“Parents shouldn’t have to worry about the safety of their babies’ meals and snacks,” Houlihan said in a statement. “But until the FDA sets protective limits, the good news is that parents can skip and swap out certain foods to limit toxic chemical exposures.”

HBBF advocates for what it calls a two-pronged “Kitchen and Country” approach.

“Until foods with reliably low heavy metal levels are widely available, parents can choose and prepare foods in ways that significantly reduce babies’ exposures,” states the report, which is accompanied by a two-page tip sheet for caregivers.

“The most important step,” says the report, is to “introduce and serve a variety of healthy foods, whether baby food brands or homemade foods. Serving the same food every day for a long time can accidentally concentrate one or more contaminants in a child’s diet. A varied diet avoids this and ensures a healthy mix of nutrients too.”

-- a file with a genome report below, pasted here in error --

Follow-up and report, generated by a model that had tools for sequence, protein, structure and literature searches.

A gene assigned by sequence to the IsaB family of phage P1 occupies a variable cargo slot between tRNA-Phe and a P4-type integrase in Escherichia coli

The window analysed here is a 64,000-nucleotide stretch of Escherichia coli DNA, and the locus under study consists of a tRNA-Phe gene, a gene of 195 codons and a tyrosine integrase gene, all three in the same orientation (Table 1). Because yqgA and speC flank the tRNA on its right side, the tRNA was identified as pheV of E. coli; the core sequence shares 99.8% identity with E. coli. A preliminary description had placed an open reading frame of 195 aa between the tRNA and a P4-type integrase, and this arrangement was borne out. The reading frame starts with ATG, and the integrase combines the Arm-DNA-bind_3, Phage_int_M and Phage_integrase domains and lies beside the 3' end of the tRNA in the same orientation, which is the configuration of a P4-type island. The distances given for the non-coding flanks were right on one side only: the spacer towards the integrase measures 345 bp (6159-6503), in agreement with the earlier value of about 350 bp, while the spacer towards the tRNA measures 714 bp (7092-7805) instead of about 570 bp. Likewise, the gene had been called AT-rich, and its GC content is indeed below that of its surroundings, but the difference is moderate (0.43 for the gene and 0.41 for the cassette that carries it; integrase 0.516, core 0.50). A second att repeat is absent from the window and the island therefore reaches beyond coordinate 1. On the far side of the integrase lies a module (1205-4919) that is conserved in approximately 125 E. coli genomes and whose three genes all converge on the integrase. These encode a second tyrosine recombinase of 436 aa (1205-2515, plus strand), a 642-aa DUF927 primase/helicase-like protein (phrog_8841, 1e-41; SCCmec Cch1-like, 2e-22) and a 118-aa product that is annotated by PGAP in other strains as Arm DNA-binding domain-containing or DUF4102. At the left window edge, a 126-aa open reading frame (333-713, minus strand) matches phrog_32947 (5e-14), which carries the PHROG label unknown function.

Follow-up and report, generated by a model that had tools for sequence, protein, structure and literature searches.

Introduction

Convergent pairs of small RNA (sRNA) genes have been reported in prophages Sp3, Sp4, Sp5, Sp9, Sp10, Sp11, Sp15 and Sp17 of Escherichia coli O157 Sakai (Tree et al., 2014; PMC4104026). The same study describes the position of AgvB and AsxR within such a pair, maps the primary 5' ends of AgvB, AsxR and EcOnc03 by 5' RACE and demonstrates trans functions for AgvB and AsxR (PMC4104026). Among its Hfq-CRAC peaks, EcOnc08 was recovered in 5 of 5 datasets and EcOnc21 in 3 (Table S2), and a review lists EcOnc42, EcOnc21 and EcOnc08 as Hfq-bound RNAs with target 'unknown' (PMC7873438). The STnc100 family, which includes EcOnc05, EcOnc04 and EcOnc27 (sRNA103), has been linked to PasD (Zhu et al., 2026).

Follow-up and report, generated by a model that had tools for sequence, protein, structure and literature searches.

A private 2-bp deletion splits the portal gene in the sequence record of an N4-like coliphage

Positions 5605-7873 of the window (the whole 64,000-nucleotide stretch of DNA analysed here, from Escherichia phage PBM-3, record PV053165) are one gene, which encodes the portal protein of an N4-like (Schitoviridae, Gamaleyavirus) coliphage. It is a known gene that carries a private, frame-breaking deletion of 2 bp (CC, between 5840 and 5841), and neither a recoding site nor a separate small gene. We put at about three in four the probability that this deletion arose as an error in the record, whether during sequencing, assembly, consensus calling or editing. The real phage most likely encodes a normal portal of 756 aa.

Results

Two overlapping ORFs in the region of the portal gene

But the burden shouldn’t fall on parents “to navigate the risks,” the report says. “FDA should establish and enforce protective limits for heavy metals in all foods consumed by babies and young children.”

“Heavy metal contamination spans all the food aisles of the grocery store,” the report points out. “FDA’s safety standards must as well. Standards extending beyond the baby food aisle would encompass foods eaten during pregnancy as well, a crucial time for lowering toxic metal exposures.”

In a statement, Brody said that “FDA’s Closer to Zero program needs to live up to its name and set limits that will make the heavy metal contamination of our food much closer to zero.”

“To get the levels of heavy metals meaningfully closer to zero,” she added, “FDA must go beyond the baby food aisle and set strong standards for these contaminants.”